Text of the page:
4. Higher Salary
Another reason why a BSN in nursing is important is the competitive advantage with salary. Because healthcare employers value the skills and educational background that comes with having a bachelor’s degree in nursing, you can expect increased pay compared to nurses without a BSN.
5. Access to More Nursing Specialties
Another of the key benefits of a BSN is that it opens you up to many more nursing specialties. If you have a desire to work somewhere other than a standard clinic or hospital RN role, earning your BSN is the way to go. BSN-prepared nurses have a broader scope of practice, meaning they can treat patients across a variety of inpatient and outpatient settings.
Equipped with a BSN, nurses can find jobs in specialty areas such as operating rooms, intensive care units, emergency departments, neonatal intensive care units, dialysis centers, and more.
On top of the many opportunities available within the clinical care environment, nurses with a BSN also have more diverse job choices outside the traditional hospital setting. For example, nurses with a BSN can become school nurses and college campus nurses. They can also work within other sectors, such as insurance, pharmaceuticals, law, and public health. A BSN is the ideal degree for nurses who aspire to make a difference in many facets of their communities.
Learn more about the in-demand nursing specialties available to nurses with a BSN.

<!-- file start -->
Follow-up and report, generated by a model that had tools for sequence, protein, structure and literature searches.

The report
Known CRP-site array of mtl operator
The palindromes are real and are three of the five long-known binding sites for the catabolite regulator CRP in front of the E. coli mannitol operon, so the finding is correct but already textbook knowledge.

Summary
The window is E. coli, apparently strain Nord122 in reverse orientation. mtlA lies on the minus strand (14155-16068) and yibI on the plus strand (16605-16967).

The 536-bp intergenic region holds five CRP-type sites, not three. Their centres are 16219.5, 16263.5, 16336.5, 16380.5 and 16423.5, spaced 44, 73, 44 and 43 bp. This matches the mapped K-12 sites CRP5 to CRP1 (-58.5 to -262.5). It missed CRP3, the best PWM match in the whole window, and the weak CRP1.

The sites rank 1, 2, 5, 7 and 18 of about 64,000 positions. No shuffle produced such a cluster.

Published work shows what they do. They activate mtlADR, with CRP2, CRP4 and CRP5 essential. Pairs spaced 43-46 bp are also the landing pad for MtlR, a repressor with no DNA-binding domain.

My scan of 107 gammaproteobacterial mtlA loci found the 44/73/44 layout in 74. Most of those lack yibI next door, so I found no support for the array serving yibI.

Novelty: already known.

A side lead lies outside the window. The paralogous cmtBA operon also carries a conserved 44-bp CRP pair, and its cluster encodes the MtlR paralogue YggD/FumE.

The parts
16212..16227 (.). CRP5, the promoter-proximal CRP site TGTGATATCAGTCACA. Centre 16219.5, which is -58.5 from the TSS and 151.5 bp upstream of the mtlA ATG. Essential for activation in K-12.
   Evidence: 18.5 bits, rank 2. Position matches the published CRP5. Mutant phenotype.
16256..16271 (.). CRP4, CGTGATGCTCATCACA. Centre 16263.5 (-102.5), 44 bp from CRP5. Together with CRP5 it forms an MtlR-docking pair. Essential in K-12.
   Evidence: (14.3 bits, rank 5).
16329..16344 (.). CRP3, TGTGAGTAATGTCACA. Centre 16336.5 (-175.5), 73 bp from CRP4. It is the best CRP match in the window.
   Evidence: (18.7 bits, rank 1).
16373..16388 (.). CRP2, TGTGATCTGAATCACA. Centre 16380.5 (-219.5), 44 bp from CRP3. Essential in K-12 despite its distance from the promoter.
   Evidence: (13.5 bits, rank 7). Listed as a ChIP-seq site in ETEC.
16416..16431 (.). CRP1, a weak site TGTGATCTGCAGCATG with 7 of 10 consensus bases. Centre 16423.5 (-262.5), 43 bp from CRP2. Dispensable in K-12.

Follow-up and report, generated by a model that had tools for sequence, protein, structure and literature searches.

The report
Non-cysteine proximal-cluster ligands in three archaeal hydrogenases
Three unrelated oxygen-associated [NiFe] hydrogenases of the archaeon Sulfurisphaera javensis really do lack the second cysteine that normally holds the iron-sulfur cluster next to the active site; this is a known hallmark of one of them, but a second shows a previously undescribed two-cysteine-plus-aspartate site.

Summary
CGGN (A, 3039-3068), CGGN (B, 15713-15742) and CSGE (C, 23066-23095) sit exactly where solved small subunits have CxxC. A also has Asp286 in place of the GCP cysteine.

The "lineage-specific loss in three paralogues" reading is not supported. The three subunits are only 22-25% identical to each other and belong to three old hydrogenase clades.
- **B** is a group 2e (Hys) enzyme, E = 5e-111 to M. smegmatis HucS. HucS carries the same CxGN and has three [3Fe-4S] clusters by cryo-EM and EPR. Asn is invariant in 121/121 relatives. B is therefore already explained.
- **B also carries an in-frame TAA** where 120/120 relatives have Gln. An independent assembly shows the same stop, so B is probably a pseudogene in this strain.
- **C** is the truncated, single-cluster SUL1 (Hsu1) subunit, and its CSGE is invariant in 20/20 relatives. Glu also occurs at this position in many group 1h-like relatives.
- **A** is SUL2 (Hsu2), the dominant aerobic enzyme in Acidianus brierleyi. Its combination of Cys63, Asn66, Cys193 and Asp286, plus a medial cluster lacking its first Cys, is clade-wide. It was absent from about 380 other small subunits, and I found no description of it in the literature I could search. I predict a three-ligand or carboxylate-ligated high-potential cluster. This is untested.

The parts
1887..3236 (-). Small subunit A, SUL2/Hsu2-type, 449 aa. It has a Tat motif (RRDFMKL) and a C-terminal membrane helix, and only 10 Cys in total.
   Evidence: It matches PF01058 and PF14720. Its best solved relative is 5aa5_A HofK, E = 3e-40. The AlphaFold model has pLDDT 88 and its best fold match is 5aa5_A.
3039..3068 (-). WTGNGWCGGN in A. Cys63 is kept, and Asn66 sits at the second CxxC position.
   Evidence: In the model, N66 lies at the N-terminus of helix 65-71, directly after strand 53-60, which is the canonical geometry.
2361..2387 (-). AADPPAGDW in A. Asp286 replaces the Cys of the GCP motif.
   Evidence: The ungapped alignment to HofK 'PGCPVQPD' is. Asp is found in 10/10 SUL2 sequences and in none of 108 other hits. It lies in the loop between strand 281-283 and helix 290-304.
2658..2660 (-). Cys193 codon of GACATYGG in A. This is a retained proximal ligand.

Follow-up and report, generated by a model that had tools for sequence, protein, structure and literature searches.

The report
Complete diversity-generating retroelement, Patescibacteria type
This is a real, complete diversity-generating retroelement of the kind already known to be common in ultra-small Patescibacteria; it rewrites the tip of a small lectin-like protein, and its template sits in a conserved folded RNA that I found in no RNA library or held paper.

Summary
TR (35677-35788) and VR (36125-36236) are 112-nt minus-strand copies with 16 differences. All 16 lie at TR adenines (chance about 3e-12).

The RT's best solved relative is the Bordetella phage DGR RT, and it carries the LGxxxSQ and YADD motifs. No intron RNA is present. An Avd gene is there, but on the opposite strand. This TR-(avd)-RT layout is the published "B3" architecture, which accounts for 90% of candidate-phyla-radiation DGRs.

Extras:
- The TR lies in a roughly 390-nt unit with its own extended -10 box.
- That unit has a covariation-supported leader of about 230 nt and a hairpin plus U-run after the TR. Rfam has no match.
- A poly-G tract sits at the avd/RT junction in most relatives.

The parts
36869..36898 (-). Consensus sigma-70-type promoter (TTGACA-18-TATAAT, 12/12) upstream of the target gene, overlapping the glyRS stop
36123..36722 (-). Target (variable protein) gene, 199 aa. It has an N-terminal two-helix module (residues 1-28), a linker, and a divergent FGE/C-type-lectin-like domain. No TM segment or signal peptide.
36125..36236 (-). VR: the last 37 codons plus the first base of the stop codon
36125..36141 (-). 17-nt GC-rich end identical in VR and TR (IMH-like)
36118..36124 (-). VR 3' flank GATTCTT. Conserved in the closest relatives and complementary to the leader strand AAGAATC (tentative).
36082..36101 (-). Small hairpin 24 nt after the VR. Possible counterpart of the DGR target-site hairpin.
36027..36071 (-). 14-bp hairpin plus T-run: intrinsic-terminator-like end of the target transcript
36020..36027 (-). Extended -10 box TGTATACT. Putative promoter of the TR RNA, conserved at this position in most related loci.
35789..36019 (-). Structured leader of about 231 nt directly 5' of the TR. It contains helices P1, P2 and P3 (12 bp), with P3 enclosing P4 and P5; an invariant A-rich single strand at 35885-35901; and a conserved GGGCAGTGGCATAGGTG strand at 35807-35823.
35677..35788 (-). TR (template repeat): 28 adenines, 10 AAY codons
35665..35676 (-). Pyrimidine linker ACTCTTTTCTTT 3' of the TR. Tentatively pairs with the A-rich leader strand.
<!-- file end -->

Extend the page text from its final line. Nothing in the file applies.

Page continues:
6. Career Advancement Opportunities
Earning a BSN also sets you up for career advancement and leadership positions away from the bedside. For example, some of the opportunities that become available to BSN-educated nurses as they progress in their careers include:
- Nurse manager
- Healthcare administrator
- Nurse recruiter
By earning a BSN, you’re giving your future self the chance to step into these highly sought-after roles. You may want to work in direct patient care now, but in 10 years, you may want to progress into a management role, leading other nurses to provide excellent patient care. By putting in the work now to get a BSN, you can have access to meaningful career growth later.
7. Possibility of Becoming an Advanced Practice Nurse
Some nurses aspire to develop their skills even further and take on greater autonomy as a healthcare provider. If you’re planning to return to school to pursue an advanced practice registered nurse (APRN) role, you can begin by earning a BSN.
APRNs include nurse practitioners, nurse anesthetists, nurse-midwives, and clinical nurse specialists. To become an APRN, you’ll need to enroll in a master’s- or doctorate-level program that prepares you for one of the advanced nursing specialties. These programs require a BSN for their applicants.
Want to know the requirements to become a nurse practitioner? Learn the step-by-step process for entering this rewarding advanced nursing field.
APRN careers offer numerous benefits, including a competitive salary and more independence in treating patients. The salaries of APRNs average well into the six figures, according to the Bureau of Labor Statistics May 2020 data:
- Nurse Practitioner: $111,680
- Nurse-Midwife: $111,130
- Nurse Anesthetist: $183,580
8. Accelerated BSN Programs Take Less Time
With accelerated BSN programs like the ABSN track at CTX, students with 60 college credits or a prior bachelor’s degree can transform that background into a BSN in as few as 16 months. Concordia University Texas even offers three start dates each year in January, May, and August so you don’t have to waste any time waiting for a new school year to begin.
How long does it take to earn a BSN? Learn more about how to get your nursing degree faster.
The accelerated track at CTX uses a hybrid online curriculum, which combines foundational education through online courses with in-person learning through simulation and skills labs and clinical rotations. This means CTX students can earn their degree faster while also having the advantage of ample clinical and real-world nursing experience.